I'm really excited to be interviewing Susie Orman Schnall today. Susie is the author of three novels, The Subway Girls, The Balance Project, and On Grace. She founded The Balance Project interview series, in which she interviewed 163 women like Reese Witherspoon and Sarah Michelle Gellar about how to achieve work-life balance. She has contributed to many publications including Harper’s Bazaar, HuffPost, Glamour, and others. An LA native, she attended the University of Pennsylvania and now lives in Purchase, New York, with her husband and three sons.
Welcome, Susie. Thanks for coming on “Moms Don't Have Time to Read Books.”
Susie Schnall: Thank you so much for having me. I'm honored.
Zibby: For listeners who haven't read The Subway Girls, which is my personal favorite of yours, what is it about?
Susie: The Subway Girls is about two strong and ambitious women who are trying to realize their dreams both personally and professionally. It’s all set against the real-life advertising campaign of the Miss Subways advertising contest. To give you a little sense of what that is, in the early forties, the MTA wanted to increase rider morale and also draw eyeballs up to the advertisements on the subway system. They hired J Walter Thompson, which was the preeminent advertising agency at the time. J Walter Thompson came up with this idea for a beauty contest. J Walter Thompson hired John Robert Powers, which was the big modeling agency, to judge the contest. It wasn’t a beauty contest where the women were walking up and down the aisles of the subway cars. The women mailed their photographs in to John Robert Powers. John Robert Powers chose a woman each month to be Miss Subways. Her photograph along with a few sentences about her ambitions and her personality would be posted up on subway posters for millions of riders to see every single month.
My story is dual storyline. In 1949, you have Charlotte, who wants to go into advertising. She ends up competing in the Miss Subways contest. In 2018, you have Olivia who is a female advertising executive. She is pitching the MTA account, comes across the Miss Subways contest in her research. The two storylines end up intersecting. That's where the fun begins.
Zibby: Excellent. How did you come up with this idea?
Susie: I was listening to NPR in my car one day. A story came on Radio Diaries about the Miss Subways contest. I listened to it. I was blown away. Beauty contest of the subway system, it seemed so unreal to me. I didn't grow up in New York. I had never seen or heard of this anecdotally either. I went home. I relistened to that Radio Diaries story. It spoke a lot about this nonfiction book called Meet Miss Subways where two women had researched the Miss Subways contest and also had sought out all of the two hundred winners. The contest ran from 1941 to 1976. Two hundred women won the contest during that time.
These two authors, Fiona Gardner and Amy Zimmer -- one was a photographer, one was is an author -- they tried to locate all of the two hundred winners, found forty-one of them, and photographed and interviewed all of them. I then bought that book, started reading that, became even more fascinated and enthralled with the contest, and thought that it would make such an interesting premise for a novel. There's so much to unpack there. There's the really interesting slice-of-life history of New York City that very few people know about. Then there's all the female ambition, juicy material in there to really wrap my hands around. That's an interest of mine in exploring through fiction.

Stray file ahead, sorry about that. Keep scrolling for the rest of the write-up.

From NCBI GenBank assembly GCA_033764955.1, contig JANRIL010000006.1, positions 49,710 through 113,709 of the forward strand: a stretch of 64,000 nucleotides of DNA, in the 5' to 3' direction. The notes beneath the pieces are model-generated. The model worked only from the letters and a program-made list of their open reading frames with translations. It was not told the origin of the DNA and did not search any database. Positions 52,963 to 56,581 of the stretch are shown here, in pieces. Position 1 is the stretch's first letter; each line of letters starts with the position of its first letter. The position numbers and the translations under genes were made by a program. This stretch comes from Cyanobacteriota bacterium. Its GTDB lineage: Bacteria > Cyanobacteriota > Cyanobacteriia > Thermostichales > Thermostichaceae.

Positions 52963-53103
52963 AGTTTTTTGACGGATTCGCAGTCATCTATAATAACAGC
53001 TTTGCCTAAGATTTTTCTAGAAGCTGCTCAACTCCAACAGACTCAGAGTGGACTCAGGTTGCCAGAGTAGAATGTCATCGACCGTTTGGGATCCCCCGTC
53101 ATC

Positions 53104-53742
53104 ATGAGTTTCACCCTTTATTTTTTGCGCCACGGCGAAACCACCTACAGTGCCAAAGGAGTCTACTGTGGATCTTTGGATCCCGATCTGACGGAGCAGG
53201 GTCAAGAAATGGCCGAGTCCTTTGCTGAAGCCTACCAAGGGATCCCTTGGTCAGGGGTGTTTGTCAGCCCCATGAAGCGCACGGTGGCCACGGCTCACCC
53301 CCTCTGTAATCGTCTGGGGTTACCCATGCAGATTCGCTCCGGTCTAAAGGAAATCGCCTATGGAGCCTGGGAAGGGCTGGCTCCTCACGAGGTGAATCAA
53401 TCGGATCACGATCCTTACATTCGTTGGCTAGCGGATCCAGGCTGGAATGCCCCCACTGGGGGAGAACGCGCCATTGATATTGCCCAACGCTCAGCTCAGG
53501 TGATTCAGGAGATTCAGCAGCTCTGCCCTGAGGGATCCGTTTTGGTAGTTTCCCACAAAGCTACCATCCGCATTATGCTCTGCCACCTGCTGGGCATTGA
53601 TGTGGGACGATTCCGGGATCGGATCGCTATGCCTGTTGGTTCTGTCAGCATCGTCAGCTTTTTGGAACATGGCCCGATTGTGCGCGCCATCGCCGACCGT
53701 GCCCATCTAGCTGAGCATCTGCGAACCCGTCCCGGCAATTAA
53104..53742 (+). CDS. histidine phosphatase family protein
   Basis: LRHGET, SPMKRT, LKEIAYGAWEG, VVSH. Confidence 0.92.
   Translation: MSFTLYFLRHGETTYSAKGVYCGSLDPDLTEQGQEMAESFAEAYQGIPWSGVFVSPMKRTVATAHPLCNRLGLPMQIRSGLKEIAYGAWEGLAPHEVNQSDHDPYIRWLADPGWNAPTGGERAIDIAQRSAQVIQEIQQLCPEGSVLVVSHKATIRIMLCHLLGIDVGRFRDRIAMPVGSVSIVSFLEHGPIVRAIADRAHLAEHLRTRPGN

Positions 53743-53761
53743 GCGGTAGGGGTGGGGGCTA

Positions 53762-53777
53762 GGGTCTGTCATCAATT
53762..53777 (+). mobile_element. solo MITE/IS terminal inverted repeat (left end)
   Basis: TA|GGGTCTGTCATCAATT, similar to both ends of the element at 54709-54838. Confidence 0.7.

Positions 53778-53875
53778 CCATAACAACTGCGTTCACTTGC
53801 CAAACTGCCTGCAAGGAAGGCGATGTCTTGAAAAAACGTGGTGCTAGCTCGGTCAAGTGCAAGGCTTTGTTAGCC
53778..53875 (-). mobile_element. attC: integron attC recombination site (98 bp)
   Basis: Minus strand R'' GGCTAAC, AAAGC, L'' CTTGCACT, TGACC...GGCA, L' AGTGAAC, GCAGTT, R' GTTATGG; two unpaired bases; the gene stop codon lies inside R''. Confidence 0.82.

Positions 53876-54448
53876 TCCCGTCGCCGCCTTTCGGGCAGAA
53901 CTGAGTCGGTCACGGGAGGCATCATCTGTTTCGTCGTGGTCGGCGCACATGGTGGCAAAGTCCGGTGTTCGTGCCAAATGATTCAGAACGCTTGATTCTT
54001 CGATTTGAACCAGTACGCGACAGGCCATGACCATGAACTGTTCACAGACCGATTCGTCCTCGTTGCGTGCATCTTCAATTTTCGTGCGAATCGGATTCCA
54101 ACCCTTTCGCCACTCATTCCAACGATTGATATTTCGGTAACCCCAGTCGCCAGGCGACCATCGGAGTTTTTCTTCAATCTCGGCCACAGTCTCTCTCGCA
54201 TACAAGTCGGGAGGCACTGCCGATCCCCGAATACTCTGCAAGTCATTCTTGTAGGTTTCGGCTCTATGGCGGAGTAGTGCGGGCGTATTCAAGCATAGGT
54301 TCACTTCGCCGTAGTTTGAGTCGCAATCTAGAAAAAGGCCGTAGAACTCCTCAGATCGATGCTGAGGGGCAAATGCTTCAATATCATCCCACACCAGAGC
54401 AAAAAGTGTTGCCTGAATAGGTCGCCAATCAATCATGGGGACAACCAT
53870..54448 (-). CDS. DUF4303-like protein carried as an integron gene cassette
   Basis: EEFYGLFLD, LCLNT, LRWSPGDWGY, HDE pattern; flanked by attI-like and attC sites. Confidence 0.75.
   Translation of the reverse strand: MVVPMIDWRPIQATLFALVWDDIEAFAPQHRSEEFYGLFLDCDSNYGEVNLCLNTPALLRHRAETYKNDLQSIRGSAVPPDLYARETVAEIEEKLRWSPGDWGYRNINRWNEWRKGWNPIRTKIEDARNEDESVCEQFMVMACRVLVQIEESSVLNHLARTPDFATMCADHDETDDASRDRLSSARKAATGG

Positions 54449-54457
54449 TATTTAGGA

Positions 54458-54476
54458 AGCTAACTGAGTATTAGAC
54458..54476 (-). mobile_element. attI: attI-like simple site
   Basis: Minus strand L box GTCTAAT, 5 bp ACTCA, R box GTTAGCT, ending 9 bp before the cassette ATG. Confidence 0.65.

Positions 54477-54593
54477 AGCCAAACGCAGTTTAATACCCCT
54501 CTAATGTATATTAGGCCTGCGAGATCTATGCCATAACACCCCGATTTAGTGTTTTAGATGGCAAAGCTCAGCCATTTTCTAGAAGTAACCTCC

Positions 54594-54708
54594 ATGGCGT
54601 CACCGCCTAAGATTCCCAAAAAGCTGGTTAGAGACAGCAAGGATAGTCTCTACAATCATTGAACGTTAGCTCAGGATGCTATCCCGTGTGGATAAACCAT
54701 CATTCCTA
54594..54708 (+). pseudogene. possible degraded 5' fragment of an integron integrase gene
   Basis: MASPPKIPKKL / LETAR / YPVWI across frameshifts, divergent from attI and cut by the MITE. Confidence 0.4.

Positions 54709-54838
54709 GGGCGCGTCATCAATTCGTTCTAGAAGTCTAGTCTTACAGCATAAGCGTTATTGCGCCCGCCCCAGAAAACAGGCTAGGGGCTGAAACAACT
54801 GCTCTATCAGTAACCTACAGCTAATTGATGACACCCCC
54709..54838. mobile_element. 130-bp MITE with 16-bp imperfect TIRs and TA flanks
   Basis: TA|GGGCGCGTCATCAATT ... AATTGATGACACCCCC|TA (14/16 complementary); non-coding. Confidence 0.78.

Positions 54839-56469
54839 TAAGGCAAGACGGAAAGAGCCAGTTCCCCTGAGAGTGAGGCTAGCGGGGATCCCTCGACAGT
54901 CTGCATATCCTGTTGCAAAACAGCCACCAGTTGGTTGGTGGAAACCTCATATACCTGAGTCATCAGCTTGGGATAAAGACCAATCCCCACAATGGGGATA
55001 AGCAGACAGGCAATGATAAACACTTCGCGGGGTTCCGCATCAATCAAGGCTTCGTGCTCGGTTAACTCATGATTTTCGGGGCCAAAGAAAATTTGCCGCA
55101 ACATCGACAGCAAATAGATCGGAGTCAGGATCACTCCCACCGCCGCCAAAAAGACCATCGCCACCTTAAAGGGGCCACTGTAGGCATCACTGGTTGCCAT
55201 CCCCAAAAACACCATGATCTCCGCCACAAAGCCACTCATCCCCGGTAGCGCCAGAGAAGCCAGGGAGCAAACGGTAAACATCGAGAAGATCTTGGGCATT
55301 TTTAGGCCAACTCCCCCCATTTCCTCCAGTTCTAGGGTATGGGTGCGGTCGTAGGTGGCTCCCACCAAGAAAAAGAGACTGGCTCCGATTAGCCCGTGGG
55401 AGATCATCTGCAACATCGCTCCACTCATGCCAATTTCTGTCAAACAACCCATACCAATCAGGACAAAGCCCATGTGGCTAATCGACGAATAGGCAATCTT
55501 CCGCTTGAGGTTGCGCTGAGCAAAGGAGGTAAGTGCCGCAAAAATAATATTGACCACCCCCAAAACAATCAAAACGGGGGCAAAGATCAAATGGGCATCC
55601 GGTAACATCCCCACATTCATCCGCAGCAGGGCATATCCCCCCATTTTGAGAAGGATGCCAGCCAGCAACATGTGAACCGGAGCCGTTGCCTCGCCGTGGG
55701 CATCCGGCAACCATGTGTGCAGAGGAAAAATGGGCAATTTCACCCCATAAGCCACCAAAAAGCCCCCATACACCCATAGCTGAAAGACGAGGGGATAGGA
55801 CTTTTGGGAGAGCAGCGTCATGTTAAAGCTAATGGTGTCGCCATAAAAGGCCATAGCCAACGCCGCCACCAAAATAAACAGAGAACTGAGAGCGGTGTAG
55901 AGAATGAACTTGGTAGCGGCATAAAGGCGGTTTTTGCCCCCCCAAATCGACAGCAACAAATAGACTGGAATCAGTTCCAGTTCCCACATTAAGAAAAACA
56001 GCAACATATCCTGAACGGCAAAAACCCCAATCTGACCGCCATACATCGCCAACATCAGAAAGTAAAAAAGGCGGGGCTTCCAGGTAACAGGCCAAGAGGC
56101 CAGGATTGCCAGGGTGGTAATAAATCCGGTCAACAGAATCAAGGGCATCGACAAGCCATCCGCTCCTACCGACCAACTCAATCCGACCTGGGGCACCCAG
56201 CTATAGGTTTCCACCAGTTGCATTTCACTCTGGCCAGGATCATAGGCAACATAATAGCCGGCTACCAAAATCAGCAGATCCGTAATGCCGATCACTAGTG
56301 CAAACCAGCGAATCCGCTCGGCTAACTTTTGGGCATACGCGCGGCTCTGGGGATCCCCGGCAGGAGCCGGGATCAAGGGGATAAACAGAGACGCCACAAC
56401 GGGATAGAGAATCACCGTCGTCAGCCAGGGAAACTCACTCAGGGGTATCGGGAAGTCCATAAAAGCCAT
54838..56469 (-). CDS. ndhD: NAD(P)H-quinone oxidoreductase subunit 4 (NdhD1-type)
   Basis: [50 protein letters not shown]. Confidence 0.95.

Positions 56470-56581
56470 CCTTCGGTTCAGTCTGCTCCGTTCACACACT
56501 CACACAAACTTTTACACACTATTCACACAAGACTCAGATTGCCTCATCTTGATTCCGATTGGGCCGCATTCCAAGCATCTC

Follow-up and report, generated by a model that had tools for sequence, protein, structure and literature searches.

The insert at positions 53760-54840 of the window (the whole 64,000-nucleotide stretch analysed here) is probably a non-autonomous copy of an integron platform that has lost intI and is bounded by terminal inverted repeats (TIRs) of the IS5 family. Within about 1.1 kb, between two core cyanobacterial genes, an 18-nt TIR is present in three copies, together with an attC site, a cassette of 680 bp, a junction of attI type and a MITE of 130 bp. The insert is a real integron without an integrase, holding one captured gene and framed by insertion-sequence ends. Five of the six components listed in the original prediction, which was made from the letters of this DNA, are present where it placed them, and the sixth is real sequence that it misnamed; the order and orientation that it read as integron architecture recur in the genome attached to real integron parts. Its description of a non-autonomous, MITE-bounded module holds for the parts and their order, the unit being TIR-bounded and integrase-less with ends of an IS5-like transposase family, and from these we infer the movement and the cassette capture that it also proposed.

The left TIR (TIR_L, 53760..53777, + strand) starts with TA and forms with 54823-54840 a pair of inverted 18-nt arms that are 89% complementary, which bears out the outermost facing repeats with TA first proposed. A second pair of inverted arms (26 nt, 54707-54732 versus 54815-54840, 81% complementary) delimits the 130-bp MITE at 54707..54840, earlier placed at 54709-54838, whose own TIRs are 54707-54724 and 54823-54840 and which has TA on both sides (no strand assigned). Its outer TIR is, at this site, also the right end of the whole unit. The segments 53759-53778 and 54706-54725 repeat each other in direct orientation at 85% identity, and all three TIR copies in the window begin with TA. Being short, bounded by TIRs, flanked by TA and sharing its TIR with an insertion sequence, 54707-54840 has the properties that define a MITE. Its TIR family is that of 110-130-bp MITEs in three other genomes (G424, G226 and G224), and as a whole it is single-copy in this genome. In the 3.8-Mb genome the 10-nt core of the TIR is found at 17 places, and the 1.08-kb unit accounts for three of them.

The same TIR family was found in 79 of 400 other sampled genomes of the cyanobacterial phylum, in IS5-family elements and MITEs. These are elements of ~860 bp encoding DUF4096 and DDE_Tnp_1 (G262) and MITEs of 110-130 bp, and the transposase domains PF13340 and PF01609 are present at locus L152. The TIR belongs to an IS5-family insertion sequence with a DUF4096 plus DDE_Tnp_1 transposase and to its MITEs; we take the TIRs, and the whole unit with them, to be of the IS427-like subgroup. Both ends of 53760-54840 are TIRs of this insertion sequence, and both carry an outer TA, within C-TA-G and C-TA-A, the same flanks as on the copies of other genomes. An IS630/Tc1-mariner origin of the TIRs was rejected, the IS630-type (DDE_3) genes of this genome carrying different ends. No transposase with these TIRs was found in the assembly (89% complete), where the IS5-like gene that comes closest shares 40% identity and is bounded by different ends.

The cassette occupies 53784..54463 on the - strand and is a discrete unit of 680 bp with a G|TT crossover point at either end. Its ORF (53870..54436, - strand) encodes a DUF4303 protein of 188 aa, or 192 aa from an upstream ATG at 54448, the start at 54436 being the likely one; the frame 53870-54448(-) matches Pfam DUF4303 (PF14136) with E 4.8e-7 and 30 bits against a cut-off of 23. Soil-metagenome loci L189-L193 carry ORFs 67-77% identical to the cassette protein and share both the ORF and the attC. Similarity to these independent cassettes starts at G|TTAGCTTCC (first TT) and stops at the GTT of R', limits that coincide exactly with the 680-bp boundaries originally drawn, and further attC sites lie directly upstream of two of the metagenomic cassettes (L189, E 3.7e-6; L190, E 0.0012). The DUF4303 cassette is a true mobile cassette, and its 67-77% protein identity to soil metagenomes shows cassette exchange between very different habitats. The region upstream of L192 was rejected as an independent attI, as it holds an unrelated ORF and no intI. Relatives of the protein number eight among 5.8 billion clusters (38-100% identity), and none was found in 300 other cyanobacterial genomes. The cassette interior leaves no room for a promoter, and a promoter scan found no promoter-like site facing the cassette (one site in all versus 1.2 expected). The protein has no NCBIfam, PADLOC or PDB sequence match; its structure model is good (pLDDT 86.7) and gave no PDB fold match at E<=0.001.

Zibby: I really loved the part in the book when Olivia is talking to her associate Priya -- this is in the modern-day part of the book -- at the ad agency. Priya says, “When I meet women in their eighties and nineties, it’s easy to forget that they were living these vibrant lives when they were younger. It’s awful, but I admit that I underestimate older women.” Olivia responds, “I know what you're saying. You just assume that the times they lived in were so different, that they couldn't possibly know what it’s like for us. But you know what? From reading those posters and all the other articles, those women were going through the same shit we are. All the conflicts with work and personal lives, that is nothing new.” I was hoping you could tell me more about that scene, and the takeaway, and how you personally decided to add it to the narrative. You said you were interested in the work-life balance and the balance interviews. Tell me more about it.
Susie: It’s a few different things. It’s the fact that I, myself, feel that way. I underestimate older women sometimes. I'm always interested when I meet an older woman to really talk to her and find out her story. I do this a lot now. I love going out with friends and their moms or their grandmas. I love hearing their stories and what was interesting to them at the time, what the obstacles were, what the challenges were for them, and what their views and ambitions were. I really was able to absorb that and use that information for this book by reading Amy and Fiona’s book Meet Miss Subways, which gives the history.
Let me back up for a second. When I first heard about Miss Subways on NPR, I wanted to know who were these women that entered the contest? Why would they enter the contest? What was like for them to win? How did winning affect the rest of their lives? In the book Meet Miss Subways, the nonfiction book, that's what the stories were. Each woman has about three or four pages. I got to find out the answers to those questions. It allowed me to learn a lot about a lot of women. I mainly focused on the women who won in the forties and fifties because that was the focus of the book. It opened my eyes to what women were going through at the time. It’s all about the social construct at the time.